Crystals of smashed cement, the perfect size for lodging in lungs,
made up most of the dust rising from the World Trade Center.
When ten million of tons of building, mixed with 91,000 liters of jet fuel, collapse into a smoking heap, an incredible variety of pulverized materials rise into the air. Though no one took samples of the plume that rose up from the World Trade Center on 9/11, samples of the dust that filtered down in the following days and gas emanating from the pile have given a glimpse of what rescue workers and others breathed in: heavy metals from computers, cellulose from paper, shards of metal and stone from the buildings’ walls, calcium carbonate from the tons of smashed cement, fibers from rugs, fragments of glass and burned hair.
What’s the News: Scientists have for the first time directly linked freeway vehicle emissions with brain damage. Scientists used a new technique that involved trapping airborne toxins along Los Angeles’ 110 Freeway, freezing them in water, and exposing lab mice to the toxins. “As a society, we need to figure out ways to minimize the level of the very, very nasty particulates we are dumping into the air we breathe,” University of Southern California gerontology researcher Todd Morgan told the Los Angeles Times. “It’s having terrible consequences.” Read More
Are we finally going to clean the skies of smog-causing nitrogen oxides and sulfur dioxide? The Environmental Protection Agency proposes new rules this week that would force power plants in 31 states, mostly in the East, to cut emissions of both to more than half of their 2005 levels by 2014.
The new rules take advantage of the “good neighbor” provision of the Clear Air Act to cut interstate transport—not cars and trucks, but the drift of air pollutants across state borders. (Air pollution, not unlike oil spills, does not respect the lines of the map) [TIME].
The Bush Administration tried to adopt a similar rule, but two years ago a U.S. Court of Appeals said the EPA had overstepped its bounds and nixed the regulations.
As a result, many power companies scaled back their investments in pollution controls. Now those companies will have to decide whether it is more cost-effective to retrofit their dirtiest power plants or shut them down [Los Angeles Times].
The Obama administration’s proposal sets a primary standard for ground-level ozone of no more than 0.060 to 0.070 parts per million, to be phased in over two decades. Regions with the worst smog pollution, including much of the Northeast, Southern and Central California and the Chicago and Houston areas, would have more time than other areas to come into compliance [The New York Times]. The previous standard was 0.075 parts per million, set in 2008 despite government scientists’ objection that it was not strict enough. Smog is formed when a stew of nitrogen oxides, volatile organic compounds, carbon monoxide, and methane is baked in sunlight.
The new standard won’t be cheap, but proponents say it will save money, and lives, in the long run. The EPA estimates that by 2020 the proposal will cost $19 billion to $90 billion to implement and will yield health benefits worth $13 billion to $100 billion. The proposal would result in 1,500 to 12,000 avoided premature deaths by 2020, though the precise number depends on what limit the agency adopts [Washington Post]. Smog is linked to a wide variety of heart and respiratory diseases. Currently, a majority of the counties that are required to monitor ozone levels would not meet the new standard. If the 0.070 limit is adopted, 515 of the 675 counties that monitor ozone levels would be out of compliance.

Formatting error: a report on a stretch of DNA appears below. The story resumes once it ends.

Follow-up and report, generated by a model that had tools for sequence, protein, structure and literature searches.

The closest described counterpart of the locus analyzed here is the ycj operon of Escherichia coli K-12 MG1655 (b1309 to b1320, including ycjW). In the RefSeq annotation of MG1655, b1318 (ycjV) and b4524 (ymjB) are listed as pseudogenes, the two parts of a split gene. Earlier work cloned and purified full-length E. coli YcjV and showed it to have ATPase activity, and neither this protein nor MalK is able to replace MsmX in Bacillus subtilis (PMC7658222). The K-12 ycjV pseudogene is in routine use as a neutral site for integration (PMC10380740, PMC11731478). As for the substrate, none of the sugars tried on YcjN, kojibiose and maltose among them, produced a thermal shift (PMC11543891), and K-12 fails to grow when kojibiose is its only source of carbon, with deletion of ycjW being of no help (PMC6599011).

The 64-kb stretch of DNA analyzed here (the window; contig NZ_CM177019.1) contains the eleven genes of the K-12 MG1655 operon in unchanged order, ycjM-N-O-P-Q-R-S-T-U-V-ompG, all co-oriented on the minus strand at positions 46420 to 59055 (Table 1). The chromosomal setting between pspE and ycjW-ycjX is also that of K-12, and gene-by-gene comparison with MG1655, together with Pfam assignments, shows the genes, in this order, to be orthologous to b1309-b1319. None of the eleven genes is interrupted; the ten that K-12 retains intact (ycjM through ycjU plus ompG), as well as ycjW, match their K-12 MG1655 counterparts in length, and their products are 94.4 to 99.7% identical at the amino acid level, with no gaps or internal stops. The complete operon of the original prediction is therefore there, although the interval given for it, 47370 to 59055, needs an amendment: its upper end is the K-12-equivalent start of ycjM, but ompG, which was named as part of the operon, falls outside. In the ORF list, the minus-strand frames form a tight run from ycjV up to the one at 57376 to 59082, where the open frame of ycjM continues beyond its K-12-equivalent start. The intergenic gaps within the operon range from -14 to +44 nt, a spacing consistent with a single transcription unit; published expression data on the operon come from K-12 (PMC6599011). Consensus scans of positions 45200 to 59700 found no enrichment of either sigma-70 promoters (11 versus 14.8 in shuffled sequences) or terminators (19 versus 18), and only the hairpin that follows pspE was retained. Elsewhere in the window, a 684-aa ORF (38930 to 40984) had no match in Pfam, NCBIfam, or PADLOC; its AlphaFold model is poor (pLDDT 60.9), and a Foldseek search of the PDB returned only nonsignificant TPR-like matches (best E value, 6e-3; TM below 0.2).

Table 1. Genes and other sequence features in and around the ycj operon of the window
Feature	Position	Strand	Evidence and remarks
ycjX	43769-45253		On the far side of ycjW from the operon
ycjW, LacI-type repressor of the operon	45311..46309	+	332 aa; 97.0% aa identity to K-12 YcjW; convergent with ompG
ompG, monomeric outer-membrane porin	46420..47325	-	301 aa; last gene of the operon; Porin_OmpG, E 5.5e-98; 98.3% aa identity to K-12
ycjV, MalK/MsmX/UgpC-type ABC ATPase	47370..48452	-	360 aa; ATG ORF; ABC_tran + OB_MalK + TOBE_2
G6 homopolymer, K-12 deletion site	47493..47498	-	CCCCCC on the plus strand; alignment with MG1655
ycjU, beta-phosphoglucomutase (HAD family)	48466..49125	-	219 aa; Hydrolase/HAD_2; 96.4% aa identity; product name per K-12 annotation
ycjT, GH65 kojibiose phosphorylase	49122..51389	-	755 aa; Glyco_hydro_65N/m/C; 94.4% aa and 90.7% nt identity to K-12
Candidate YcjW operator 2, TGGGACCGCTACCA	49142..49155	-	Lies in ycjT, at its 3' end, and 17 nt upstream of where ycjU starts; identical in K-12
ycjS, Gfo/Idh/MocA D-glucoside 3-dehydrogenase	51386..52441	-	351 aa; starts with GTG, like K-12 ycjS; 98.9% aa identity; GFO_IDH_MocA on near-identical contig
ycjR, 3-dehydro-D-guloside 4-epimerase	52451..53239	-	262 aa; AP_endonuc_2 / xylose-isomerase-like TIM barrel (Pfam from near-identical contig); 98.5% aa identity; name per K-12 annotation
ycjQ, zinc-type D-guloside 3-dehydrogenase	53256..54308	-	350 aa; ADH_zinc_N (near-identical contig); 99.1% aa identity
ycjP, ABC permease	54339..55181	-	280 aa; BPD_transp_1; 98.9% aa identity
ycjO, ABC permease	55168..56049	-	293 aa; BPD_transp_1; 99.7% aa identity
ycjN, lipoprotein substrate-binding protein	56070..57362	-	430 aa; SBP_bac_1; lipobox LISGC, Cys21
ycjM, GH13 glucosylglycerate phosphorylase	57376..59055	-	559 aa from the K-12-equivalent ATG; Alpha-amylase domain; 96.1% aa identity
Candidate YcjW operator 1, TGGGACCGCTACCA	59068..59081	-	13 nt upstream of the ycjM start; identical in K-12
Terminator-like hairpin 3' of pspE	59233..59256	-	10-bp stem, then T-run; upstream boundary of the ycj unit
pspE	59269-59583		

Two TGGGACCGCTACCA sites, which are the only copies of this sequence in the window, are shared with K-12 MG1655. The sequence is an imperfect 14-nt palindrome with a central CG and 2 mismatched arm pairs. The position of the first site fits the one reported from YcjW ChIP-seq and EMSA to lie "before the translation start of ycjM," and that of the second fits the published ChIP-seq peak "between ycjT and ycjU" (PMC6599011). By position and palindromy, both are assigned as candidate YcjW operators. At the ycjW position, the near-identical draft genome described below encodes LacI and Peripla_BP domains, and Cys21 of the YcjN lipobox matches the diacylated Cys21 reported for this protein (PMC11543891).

Every winter, a thick cloud of brown smog settles over South Asia, stretching from southern China, across India and Pakistan, to the northern reaches of the Indian Ocean. For everyone who lives with the so-called “Asian brown cloud,” this air pollution is just a fact of life. Pilot John Horwood says the worse part about flying into Hong Kong is the suffocating, two-mile-thick blanket of pollution that hovers between 15 and 18,000 feet. “The whole cockpit fills with an acrid smell,” says Horwood, who started noticing the cloud in 1997. “Each year it just gets worse and worse” [Time]. But scientists have long puzzled over the cloud’s source: Is it produced by burning biomass, or by the combustion of fossil fuels?
Now researchers have analyzed the cloud’s composition, and found that two-thirds of the haze is produced by burning biomass, primarily the wood and dung burned to heat houses and cook food throughout the region. This research is the first step to doing something about the brown haze, which is linked to hundreds of thousands of deaths — mainly from lung and heart disease — each year in the region, they said. “Doing something about this brown cloud has been difficult because the sources are poorly understood,” said Orjan Gustafsson [Reuters], the study’s lead author.
It may be a platitude that fresh, clean air is good for you, but now researchers have quantified how much cleaning up air pollution has improved the public health: It has boosted the lifespan of the average American city-dweller by five months.
Coauthor Majid Ezzatin explains that when his team examined three decades of health data from 51 U.S. cities, researchers found that people are living about three years longer than they did before. Controlling for changes in income, education, demographics and smoking, about five months of that can be chalked up to air improvements…. “Rather than just saying pollution is bad for health,” he said, “we can say that regulations are good for health” [Wired News].